2022 Clarion West Write-a-thon

Tom Marcinko

June 6, 2022 12:00am - July 30, 2022 12:00am

My Writing Goals

I have about 30,000 words on a science-fiction novel. I'm going to document my progress here.

This resolution good for at least the month of June.

Write-a-thon Blog

Sat., July 30: I Travel

Today I finished my outline, to the extent that an outline can ever be finished. Please see below for my rationale for how and why I came to decide to write an outline, rather than just dive in.

Some of it was written in London during the week Boris Johnson said he was going to resign (has he, yet, really?). "Europe has a language problem, talk talk talk, talk talk talk..." We were there just before the highest temperatues since the UK was part of Pangaea. It wasn't my most productive week.

Some of it was written in Edinburgh. We stayed in a wonderful three-bedroom flat I never quite learned to navigate. Robert Burns' statue was right outside our window, as if we were in a movie and the director wanted to establish right away that we were in Scotland.

Quite a bit of it was written at JFK Airport before, during, and after the unexplained cancellation of our flight from Edinburgh to Phoenix. I'd describe that process in excruciating detail, except I'm already sorry I mentioned it, because now I'm starting to relive it. It did remind me a bit of that story from an old Clarion anthology (back when there were such things) about the guy sentenced to serve his time in a downtown Greyhound bus station.

Quite a bit of it was written in the four-color Bic pen you can see Natalie Portman write with in Thor: Love & Thunder (product placement with class, that). I used the right-hand page for tight outline-y stuff, and the left hand page for notes-to-self like "These aliens need to be really scary, physically and psychologically."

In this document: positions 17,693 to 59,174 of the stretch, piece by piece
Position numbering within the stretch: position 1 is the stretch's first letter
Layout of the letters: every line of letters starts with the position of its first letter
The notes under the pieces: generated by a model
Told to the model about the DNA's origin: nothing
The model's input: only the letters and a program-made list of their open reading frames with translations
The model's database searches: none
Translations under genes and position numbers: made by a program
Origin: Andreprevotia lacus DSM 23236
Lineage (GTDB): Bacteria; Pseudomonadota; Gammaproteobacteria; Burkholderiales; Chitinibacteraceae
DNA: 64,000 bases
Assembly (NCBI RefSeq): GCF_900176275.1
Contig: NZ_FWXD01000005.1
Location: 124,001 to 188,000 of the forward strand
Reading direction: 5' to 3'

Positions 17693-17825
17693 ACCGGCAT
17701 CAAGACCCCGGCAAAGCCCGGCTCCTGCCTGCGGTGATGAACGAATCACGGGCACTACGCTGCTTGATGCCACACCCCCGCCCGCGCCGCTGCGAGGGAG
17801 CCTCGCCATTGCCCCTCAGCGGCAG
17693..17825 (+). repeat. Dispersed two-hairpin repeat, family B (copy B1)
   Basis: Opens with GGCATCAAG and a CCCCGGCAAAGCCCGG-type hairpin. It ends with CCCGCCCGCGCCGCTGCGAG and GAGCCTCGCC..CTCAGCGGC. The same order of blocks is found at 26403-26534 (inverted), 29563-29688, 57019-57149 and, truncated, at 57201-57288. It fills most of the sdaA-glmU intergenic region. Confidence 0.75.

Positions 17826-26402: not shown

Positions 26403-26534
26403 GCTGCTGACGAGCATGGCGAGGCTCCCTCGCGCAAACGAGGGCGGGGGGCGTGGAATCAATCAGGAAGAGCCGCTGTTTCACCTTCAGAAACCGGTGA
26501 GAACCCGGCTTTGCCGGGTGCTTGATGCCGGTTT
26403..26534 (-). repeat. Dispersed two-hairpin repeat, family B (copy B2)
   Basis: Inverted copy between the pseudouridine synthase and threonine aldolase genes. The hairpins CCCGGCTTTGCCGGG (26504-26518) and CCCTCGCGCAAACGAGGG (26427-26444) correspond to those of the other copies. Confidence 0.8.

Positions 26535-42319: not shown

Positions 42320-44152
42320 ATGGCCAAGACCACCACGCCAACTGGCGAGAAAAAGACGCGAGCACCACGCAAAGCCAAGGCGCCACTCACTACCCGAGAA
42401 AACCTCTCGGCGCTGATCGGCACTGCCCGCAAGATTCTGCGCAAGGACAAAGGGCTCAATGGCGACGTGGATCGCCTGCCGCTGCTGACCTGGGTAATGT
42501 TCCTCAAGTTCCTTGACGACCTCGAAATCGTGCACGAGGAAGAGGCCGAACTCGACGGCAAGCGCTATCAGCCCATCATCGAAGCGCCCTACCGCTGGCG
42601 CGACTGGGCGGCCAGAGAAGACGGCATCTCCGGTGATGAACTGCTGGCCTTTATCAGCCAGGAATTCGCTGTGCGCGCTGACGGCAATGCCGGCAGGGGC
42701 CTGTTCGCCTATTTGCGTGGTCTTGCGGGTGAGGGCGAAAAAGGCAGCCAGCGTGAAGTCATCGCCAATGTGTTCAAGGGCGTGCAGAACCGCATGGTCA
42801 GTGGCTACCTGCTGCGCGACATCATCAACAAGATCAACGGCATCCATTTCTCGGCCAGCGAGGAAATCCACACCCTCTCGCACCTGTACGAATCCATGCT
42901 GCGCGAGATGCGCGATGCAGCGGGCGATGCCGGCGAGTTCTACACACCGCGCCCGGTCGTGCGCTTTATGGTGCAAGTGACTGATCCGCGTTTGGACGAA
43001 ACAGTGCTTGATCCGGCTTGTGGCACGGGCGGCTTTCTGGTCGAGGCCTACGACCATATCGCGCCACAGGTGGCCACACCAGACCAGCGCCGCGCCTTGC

I've declared the Internet to be a labor-generating device, the worst weapon of mass distraction since TV, so for the time being, writing longhand works for me. I chose a Moleskine because quite frankly I hate moles and the more that get skinned, the better.

Thanks again to the wonderful people who made a donation through this page. I will probably continue to document my progress in some venue--maybe right on this page, if it's possible after the Write-a-Thon. I find it helps to keep me focused.

Sun., July 3: First footprint on snow.
To sully with ink and words that first blank page of a Moleskine. What a daring, reckless sensation.

Fri., July 1: Scryance friction.
Confession: I really have to psych myself up to work up some enthusiasm today. The Supreme Court is executing a coup. Does the world need yet another novel?

I’ll try to answer that one later.

What I’m doing today (see previous day’s post):

OK, I’m excavating some potentially interesting stuff here. But I’m not going to linger too long. I suspect I’m over correcting from being such a Pantsy McPantser-Pants. I would not want no-surprises, no-improv draft, assuming such a thing could possibly exist.

I’m also going to stay the hell away from the internets and the socials as much as possible. (Mark. My. Words.) My shopping list includes a spanking new Moleskine, preferably blue or green, and one of those four-color Bic pens, for aeroplane use.

I use Scrivener and Dropbox but I’m not confident I’ll be able to access them for a bit. Anyway, I seem to oscillate between processing every word on screen and scratching them out on tortured tree-fiber by brute force.

Also, new crackpot theory: Technology has made it too easy to write. We splash words onto files, smug and secure in the knowledge that we can revise them later. This leads to loose and sloppy thinking. We’d get better results if we wore down our fingertips on manual typewriters, like God intended.

Half-baked, and no doubt wrong, which is why I’m tempted to expand on this idea for the New York Times Pitchbot.

Thurs., June 30: “We choose to do these things, not because they are easy…”
Ill-ish. When you feel slightly guilty for taking the day off from your day job even though you’re doing your co-workers a favor by not exposing them to what could be a nasty virus.

One of those days when writing begins at an unnaturally (for me) late hour and you hope to salvage what you can of the day.

Today’s assignment is to sketch the secondary characters. I have a pretty good idea who most of them are, but I want to see if I can design (or excavate) something more. Here are some of the questions I’m working with, adapted from Lisa Cron’s Story Genius:

Thumbnail sketch before the curtain rises.
Enter, wanting this:
Why the desire? What would it mean to achieve it?
Origin Scene: What does this person go into the scene believing?…
Capture the moment when this person’s worldview shifted, and the misbelief took root in the brain, where it’s been coloring how they’ve seen the world from that moment on. Write a full-fledged scene.
Pinpoint the moments that challenged this person and caused them to take action.